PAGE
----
Time-share scam defendant could go free after just six years in prison
BY KIM JANSSEN Federal Courts Reporter firstname.lastname@example.org December 12, 2012 9:32PM
Updated: January 14, 2013 7:27AM
He’s accused of the biggest fraud ever prosecuted in Chicago — a $340 million time-share scam that conned more than 7,000 victims.
But Michael E. Kelly could be freed from federal custody this week having served just six years behind bars.
Under a plea deal Kelly agreed to Wednesday, the 63-year-old would be freed on bond so that he can get treatment for colon cancer while remaining under house arrest at his family’s South Bend home.
Judge Ronald Guzman agreed to the deal in principle but said he wants reassurances from Kelly’s probation officer before signing off on it. Though Kelly — who sat in a wheelchair throughout a lengthy hearing Wednesday — told the judge he is gravely ill with advanced heart disease as well as cancer, Guzman said, “I’ve seen sicker people than this get up and walk away.”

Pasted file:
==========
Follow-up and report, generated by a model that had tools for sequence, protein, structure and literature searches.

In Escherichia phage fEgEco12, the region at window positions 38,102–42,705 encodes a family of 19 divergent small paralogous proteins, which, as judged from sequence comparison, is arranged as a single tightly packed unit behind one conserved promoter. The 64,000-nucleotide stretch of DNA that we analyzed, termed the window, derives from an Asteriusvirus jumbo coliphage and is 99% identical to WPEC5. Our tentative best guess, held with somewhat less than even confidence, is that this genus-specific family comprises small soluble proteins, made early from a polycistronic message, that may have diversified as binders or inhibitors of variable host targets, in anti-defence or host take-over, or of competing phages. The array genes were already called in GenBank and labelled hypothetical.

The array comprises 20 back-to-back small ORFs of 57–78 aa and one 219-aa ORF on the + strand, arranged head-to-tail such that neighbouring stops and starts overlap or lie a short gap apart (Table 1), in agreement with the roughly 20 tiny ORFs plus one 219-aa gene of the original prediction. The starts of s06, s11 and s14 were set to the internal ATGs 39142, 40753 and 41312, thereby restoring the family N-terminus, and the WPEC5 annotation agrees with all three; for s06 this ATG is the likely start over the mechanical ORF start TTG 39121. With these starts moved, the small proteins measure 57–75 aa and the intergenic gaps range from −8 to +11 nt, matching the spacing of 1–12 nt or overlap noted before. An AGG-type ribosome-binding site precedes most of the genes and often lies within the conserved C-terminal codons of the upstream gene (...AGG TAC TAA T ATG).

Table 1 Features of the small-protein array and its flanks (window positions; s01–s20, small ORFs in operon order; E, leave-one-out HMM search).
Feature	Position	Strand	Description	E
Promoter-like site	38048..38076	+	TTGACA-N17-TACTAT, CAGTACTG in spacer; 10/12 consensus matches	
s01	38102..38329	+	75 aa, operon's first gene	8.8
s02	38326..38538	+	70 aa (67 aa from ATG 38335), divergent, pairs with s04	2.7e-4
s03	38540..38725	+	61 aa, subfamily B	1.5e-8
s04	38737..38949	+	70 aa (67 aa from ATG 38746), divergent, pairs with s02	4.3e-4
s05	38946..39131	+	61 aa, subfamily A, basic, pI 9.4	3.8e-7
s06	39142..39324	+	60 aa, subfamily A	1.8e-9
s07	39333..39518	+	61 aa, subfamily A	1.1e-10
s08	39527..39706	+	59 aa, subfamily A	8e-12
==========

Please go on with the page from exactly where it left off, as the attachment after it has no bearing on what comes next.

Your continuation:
Noting that only $50 million of the $340 million Kelly allegedly stole has been recovered, that Kelly has dual Mexican and American citizenship and has previously lived abroad, the judge added that he didn’t want to receive a “frantic phone call” saying that Kelly had fled the U.S. while under house arrest.
Between 1999 and 2006, Kelly allegedly led a life of luxury in Mexico by promising investors an 11 percent return on timeshare investments — an alleged ponzi scheme that eventually came crashing down.
Prosecutors on Wednesday agreed to ask for just a five-year sentence — less than Kelly has already served in a downtown lockup — in return for Kelly’s guilty plea to one of the 14 counts he faces. They want to ensure that Kelly is sentenced before he dies, so that Kelly’s estate cannot later try to prevent his victims from clawing back as much as possible of the cash Kelly stole.
Kelly still faces a far longer period behind bars if he survives and is convicted on 13 remaining counts of fraud. He would have to return to federal custody within 120 days unless he convinces the court that his medical needs prevent it.
He is due to be sentenced on the count he has pled guilty to on Thursday, meaning he could be free by the weekend.